I found out I was pregnant with our second baby just two weeks after running the Nike Women’s Half Marathon in Washington, D.C. I hadn’t run much since the race and the few times I had gotten out felt exceptionally hard and sluggish. I just chalked it up to still feeling fatigued from the race. In reality, what I was feeling was most likely from those first few weeks of first trimester exhaustion.
My goal was to be able to continue running throughout my pregnancy. I had registered for my fall race before finding out about the baby and it was a race I was really looking forward to. Running isn’t something that comes easily to me and I knew it was going to be exceptionally difficult for me to push through while pregnant, but I was sure going to try!
With our first child I felt great right from the start and had a relatively easy pregnancy . The second time it seemed like I was sick from the minute the test turned positive. I ended up on medication to help control the
all-day sickness, but by the time I finally started to feel better my conditioning was gone and starting over at nearly 20 weeks pregnant wasn’t happening. I gave up on my goal to keep running and decided to just pick up again once the baby was born.
I had a scheduled c-section this time, so I was already anticipating a longer recovery than if I had given birth naturally. My recovery overall was pretty smooth and around the six week mark I was starting to get a little antsy to get moving again. I was cleared by my doctor for physical activity at 8 weeks minus any core work. I have some ab separation (diastasis recti) that needs to finish healing before I can pick that up again. She gave me the go ahead as long as I promised I would take it slow and not push running if I wasn’t feeling 100%. I started out just doing some work outs that were strength training and some light cardio. After a few weeks of that I felt ready to give running a try.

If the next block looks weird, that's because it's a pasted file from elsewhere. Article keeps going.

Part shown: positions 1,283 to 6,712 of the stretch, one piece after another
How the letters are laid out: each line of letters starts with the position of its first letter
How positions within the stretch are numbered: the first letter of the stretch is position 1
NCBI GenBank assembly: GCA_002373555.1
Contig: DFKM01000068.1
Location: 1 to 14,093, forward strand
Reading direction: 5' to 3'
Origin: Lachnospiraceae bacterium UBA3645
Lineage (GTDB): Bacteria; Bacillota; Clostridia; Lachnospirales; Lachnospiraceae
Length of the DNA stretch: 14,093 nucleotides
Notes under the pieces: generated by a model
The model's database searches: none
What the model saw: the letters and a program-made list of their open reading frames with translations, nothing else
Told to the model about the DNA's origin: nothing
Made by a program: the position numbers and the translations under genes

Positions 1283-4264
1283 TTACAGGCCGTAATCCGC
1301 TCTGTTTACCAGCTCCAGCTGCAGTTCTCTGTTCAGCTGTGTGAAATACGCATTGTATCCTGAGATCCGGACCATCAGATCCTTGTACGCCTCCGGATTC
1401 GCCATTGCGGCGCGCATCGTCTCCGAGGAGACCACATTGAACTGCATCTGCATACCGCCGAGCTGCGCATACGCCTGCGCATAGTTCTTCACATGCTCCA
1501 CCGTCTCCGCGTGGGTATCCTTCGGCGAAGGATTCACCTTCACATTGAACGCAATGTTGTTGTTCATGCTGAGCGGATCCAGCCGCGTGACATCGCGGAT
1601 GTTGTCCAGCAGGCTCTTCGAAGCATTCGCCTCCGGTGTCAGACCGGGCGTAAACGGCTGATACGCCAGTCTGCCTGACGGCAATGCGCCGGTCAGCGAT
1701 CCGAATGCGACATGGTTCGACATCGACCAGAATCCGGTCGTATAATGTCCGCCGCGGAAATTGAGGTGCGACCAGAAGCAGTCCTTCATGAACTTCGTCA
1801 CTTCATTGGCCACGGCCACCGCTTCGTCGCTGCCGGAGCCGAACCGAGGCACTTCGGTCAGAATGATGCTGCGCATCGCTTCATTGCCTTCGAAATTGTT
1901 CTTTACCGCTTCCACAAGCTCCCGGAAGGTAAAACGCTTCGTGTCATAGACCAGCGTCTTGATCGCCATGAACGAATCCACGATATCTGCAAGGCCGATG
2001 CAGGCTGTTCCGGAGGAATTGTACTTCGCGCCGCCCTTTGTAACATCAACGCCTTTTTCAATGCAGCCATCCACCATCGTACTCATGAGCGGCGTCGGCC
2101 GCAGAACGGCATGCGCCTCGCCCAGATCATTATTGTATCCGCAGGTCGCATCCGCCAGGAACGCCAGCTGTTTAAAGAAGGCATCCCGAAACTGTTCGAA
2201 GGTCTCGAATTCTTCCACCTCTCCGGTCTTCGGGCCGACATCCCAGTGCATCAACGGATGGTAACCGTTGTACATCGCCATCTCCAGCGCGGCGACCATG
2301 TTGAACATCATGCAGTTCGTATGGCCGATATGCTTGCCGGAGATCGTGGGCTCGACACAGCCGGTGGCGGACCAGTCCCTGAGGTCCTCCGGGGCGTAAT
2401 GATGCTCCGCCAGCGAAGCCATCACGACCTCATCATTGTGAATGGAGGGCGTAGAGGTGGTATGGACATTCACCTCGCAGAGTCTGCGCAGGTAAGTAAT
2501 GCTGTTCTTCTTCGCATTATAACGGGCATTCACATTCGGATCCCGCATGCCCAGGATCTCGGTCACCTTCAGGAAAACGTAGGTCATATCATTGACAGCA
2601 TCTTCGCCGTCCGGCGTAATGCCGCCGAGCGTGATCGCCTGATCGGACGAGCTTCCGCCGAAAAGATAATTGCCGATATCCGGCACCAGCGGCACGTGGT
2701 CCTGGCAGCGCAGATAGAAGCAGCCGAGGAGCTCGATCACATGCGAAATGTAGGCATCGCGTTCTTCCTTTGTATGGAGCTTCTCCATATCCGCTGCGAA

I’ve been running again for a while now, and here are a few things that I have learned so far:
Take it slow
My first run was a single mile on the treadmill. I wanted to test how my insision was going to feel and how my body was going to react before I went much farther. It was extremely slow, and I could definitely feel all of the time “off”. The second time I did a mile and a half, and slowly built up from there.
Have reasonable expectations
This has been my biggest hang up so far. My pace has been a few minutes slower per mile than I was running prior to being pregnant. Even though I knew I was going to have to retrain myself, it’s been frustrating to me that my body just isn’t there yet. I noticed early on that if I was pushing too hard that I would have some soreness around my incision the next day. Even though I’m technically recovered, a c-section is a major surgery. With each run my legs are building back up and I know that I’ll eventually get there, it’s just going to take some more time.
To keep myself feeling positive through the frustration, I sat down and picked my first race back. Knowing that I have a training plan to follow, and a race on my calendar helps me when I’m feeling tired, or wanting to ditch a workout. If I hadn’t selected a race, I don’t think I would have pushed myself past a few miles.
The Buffalo Half is my goal race and will be held Memorial Day weekend. I’ll be running the 5k on Saturday in addition to the Half Marathon on Sunday. While I’d ideally like to finish somewhere near my current PR I’ll be happy to just finish the race in an upright position.
Before I started up again I did a lot of research trying to find any information that might make my comeback a little easier. Here are a few articles that I read before I put my running shoes back on:
Running After Pregnancy from Women’s Running
How To Return To Running After Pregnancy from Runner’s World
What’s your favorite way to find motivation?
Have you had to make a comeback after significant time off?